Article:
Beach Cottages of the New England Coastline
I recently had a potential collector ask about my photograph of this row of Beach Cottages in Wells, Maine. It’s interesting. From my perspective as a photographer, I was interested in capturing and creating in post processing a feeling of summers at the beach in a row of old beach cottages that could represent a lot of places up and down the New England coastline.
They wanted to know if it was Moody Beach or the beaches off of Atlantic Avenue. I had to check the map to figure out exactly where it was taken. Turns out it was Atlantic Avenue but for me it was just one leg of a fun road trip that started in Portsmouth, NH and meandered up the coast line stopping and exploring and ultimately leading to a great seafood dinner on the way home. Off season exploring and an especially warm October weekend.
Most of the cottages appeared to be closed up for the season but there were a few people walking around enjoying some last season sun before Mother Nature drops into an long cold winter.
To me the two people walking towards the sun on the left makes this photograph. Without them it would be a row of empty houses and perhaps have a more somber tone. With the couple walking along, enjoying the beach the image speaks more to memories of a place, perhaps one from your youth or from a treasured vacation moment.
My family had a cottage in a beach association just like this one. It wasn’t on the water but it was a nice walk down the street with a red flyer wagon full of inflatable rafts, towels, beach blanket, pails, shovels, sunscreen and a few bucks for the ice cream man.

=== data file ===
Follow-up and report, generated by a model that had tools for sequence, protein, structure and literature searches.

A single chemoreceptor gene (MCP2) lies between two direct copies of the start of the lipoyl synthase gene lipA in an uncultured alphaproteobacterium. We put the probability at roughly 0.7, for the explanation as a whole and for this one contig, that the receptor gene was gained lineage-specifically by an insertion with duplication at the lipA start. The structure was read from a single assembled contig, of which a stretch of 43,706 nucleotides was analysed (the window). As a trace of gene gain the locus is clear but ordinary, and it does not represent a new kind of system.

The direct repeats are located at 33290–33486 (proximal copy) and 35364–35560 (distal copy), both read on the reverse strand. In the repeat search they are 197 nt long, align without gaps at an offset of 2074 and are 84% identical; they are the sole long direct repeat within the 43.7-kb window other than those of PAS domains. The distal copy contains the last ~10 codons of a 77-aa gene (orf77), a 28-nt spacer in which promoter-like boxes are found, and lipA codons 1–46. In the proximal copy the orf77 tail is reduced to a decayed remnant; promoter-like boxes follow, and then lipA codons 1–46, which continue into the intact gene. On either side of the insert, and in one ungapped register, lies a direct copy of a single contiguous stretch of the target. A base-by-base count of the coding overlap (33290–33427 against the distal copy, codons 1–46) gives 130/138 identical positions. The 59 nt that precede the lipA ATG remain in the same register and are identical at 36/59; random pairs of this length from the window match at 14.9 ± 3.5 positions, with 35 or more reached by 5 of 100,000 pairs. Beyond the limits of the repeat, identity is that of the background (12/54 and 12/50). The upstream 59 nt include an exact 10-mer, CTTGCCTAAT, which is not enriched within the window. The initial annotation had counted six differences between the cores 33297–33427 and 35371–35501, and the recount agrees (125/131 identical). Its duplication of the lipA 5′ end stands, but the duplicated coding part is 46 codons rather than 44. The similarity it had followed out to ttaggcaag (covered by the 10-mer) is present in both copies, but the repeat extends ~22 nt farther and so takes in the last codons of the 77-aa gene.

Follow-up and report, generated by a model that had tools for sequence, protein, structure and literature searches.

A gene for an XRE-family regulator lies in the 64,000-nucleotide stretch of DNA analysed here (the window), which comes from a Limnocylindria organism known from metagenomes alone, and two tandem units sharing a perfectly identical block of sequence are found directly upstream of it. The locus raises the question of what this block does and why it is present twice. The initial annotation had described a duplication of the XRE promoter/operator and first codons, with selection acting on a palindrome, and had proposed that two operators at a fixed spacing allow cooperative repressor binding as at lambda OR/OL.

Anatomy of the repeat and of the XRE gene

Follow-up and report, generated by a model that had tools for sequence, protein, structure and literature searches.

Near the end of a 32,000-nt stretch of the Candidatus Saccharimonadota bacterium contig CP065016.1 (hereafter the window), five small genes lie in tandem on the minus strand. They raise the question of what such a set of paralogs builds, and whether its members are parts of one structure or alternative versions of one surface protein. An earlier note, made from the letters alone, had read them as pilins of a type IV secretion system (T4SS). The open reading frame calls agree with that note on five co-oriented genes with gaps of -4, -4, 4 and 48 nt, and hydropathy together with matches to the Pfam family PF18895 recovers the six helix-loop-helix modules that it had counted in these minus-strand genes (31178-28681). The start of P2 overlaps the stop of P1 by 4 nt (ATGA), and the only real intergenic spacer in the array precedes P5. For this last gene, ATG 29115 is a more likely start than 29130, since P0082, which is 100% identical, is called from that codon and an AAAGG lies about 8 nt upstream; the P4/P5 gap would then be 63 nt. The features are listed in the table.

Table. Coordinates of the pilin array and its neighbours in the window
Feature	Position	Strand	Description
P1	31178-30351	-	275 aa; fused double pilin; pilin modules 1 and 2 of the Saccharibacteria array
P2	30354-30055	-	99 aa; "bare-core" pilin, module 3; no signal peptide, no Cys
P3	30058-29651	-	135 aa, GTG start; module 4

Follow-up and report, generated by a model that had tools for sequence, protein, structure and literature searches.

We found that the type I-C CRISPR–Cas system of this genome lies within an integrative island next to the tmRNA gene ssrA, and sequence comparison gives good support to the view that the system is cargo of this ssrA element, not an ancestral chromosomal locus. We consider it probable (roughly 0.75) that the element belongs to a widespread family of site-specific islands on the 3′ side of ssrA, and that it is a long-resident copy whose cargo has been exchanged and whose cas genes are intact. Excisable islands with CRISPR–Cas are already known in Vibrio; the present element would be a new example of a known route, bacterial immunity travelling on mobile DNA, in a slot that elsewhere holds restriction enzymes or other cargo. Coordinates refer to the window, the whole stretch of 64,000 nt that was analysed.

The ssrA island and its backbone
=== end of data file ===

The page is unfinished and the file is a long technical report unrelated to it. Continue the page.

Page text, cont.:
My intent was creating an image that could represent anywhere and everywhere along the coast line where old fashioned non-existent zoning laws allowed cottages to be built right up to the water. Dunes and climate change be damned, these summer houses were build up right before and then with gusto, after World War II when lumber started to become available again after the war time shortages.
The hurricane of 1938 opened up a lot of lots along the shore front and human memory regarding catastrophic weather events is short lived.
Also called the Long Island Express, the Great New England Hurricane of 1938 was the most destructive storm to strike the region in the 20th century. The officially unnamed hurricane was born out a tropical cyclone that developed in the eastern Atlantic on September 10, 1938, near the Cape Verde Islands.
The cottage my grandfather built, to the size of a two car garage because that was all the lumber allowed after WWII, on a tiny lot , was about a half mile from the beach and the water from subsequent hurricanes and storms typically stopped at the house next door.
The houses directly on the beach at Chalker Beach, CT and other shoreline communities up and down the coast weren’t so lucky and a number were destroyed after Sandy. But two or three years later, they are rebuilt, bigger than ever. I guess good insurance policies or simply digging deeper into the bank account made sure of that. There always seems to be a new generation with more money to pump into a house built on sand but with a million dollar view.